Understanding the motivations for faculty resistance will facilitate more meaningful and effective internal interactions as a school seeks to improve its AoL system. In turn, a more effective AoL system will promote better learning experiences for students; and better learning allows students to become productive in their chosen careers more quickly, thus improving society as a whole.

Originality/value

To the knowledge, no prior paper has organized faculty resistance along a maturity continuum, provided targeted responses based on the level of maturity or included signs that indicate growth toward the next level of maturity.

Details

Organization Management Journal, vol. 18 no. 5
Type: Research Article
ISSN:

Keywords

Article
Publication date: 4 July 2016

Mei-yung Leung, Jingyu Yu and Hoyan Chow

The aging population is growing rapidly, causing significant increases in the demand for public housing. Normally, the elderly rely heavily on the facilities available in…

1228

Abstract

Purpose

The aging population is growing rapidly, causing significant increases in the demand for public housing. Normally, the elderly rely heavily on the facilities available in their living environment to maintain their quality of life (QoL). However, most public housing is not purposely designed for the elderly, and, thus, has inappropriate facilities, which often have a negative impact upon the physical and psychological health of residents. This paper aims to investigate the relationships between the indoor facilities management (FM) of public housing and the QoL of elderly persons.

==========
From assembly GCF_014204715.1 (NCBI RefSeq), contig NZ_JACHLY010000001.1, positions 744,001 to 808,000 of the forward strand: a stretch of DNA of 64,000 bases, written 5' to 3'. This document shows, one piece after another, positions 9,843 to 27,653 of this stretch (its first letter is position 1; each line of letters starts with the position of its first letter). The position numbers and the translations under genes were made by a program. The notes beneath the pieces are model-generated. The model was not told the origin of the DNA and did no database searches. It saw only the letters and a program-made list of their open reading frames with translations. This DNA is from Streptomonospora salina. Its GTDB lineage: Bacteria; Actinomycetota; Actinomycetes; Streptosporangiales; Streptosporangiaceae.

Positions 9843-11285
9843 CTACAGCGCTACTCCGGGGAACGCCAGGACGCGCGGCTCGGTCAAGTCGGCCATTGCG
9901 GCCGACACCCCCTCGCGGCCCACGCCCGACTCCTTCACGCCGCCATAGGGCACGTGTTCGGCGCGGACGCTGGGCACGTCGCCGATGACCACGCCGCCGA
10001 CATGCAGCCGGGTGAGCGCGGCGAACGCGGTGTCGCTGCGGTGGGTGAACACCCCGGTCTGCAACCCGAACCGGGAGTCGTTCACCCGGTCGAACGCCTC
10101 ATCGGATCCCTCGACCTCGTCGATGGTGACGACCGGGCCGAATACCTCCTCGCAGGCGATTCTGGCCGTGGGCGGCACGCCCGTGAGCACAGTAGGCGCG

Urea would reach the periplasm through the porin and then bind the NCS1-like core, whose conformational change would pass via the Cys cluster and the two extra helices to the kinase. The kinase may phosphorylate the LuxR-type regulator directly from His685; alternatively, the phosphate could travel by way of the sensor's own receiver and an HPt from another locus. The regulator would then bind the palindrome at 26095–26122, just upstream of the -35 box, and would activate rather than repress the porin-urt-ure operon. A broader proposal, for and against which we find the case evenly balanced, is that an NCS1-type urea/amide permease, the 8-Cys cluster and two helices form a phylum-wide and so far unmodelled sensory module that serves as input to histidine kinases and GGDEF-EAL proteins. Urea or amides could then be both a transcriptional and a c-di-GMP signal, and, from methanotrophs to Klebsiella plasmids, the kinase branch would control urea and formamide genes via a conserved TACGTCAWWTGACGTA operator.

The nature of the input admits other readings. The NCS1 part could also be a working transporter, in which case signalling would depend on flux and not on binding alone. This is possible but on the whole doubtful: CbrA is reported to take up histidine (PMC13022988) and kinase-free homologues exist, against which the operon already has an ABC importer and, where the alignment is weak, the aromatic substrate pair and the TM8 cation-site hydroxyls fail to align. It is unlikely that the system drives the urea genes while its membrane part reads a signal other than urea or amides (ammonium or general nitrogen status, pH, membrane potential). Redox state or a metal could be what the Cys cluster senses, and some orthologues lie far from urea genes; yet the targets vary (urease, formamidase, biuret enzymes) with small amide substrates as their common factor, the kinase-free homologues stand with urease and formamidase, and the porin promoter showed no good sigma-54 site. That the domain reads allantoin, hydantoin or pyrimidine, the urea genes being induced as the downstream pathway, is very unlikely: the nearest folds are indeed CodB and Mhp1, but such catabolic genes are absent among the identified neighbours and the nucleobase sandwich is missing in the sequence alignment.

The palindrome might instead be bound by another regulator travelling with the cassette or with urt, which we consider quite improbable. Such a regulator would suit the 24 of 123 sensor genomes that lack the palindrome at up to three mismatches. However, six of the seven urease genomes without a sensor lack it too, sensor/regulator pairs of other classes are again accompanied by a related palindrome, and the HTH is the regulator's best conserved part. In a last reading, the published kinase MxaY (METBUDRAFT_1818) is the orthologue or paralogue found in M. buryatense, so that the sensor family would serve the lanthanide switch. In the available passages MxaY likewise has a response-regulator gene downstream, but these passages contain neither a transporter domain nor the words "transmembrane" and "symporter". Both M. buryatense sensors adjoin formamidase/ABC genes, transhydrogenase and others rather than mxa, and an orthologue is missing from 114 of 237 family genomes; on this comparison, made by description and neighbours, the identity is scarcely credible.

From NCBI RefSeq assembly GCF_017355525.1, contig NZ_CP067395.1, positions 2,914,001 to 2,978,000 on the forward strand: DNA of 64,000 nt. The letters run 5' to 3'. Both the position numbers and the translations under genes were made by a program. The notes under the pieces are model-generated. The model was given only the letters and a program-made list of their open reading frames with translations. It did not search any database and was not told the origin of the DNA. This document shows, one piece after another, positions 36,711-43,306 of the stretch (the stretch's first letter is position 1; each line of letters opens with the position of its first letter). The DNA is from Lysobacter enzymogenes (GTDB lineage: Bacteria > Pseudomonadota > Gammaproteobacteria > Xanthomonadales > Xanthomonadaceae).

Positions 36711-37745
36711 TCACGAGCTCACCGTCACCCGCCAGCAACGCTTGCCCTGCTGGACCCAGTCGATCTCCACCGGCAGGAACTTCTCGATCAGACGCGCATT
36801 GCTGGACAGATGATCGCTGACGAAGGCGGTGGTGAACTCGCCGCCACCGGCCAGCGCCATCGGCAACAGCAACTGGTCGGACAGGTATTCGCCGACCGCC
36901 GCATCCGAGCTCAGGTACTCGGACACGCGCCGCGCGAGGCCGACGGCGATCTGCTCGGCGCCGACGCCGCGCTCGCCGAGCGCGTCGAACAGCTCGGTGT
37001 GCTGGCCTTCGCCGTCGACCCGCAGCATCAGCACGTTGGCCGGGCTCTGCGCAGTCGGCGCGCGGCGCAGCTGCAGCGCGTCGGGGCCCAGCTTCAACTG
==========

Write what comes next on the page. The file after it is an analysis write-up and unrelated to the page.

Design/methodology/approach

Based on an extensive literature review, a questionnaire has been designed and distributed among elderly residents of different public housing buildings. To investigate the impact of indoor FM on the QoL of the senior residents in public housing, statistical analysis methods including reliability analysis and multiple regression modeling were adopted.

Findings

The study identified 12 indoor FM factors and six QoL domains (i.e. overall QoL, physical and psychological health, independence, social relationship and living environment). The results also reveal that space planning and bathroom influence most QoL domains, including overall QoL, physical/psychological health, independence and living environment of the elderly; electricity and noise mainly affect physical health and independence, while noise is negatively related to elderly QoL; and supporting facilities (including windows and doors, indoor decoration, non-slip floors and accessibility) have a positive impact on psychological health and social relationships.

Practical implications

Based on the current findings, several practical recommendations are made for the designers and facilities managers, including wide corridors for individuals with wheelchairs, the installation of single-lever-type mixers to provide a stable hot water supply and a window designed to get as much natural light as possible.

Originality/value

This paper provides a clear picture about elderly special requirements on indoor FM and their QoL. It can assist architects, engineers and facilities managers in public housing to understand elderly needs and improve FM during design and operation stages for enhancing QoL of elderly residents in public housing buildings.

Details

Facilities, vol. 34 no. 9/10
Type: Research Article
ISSN: 0263-2772

Keywords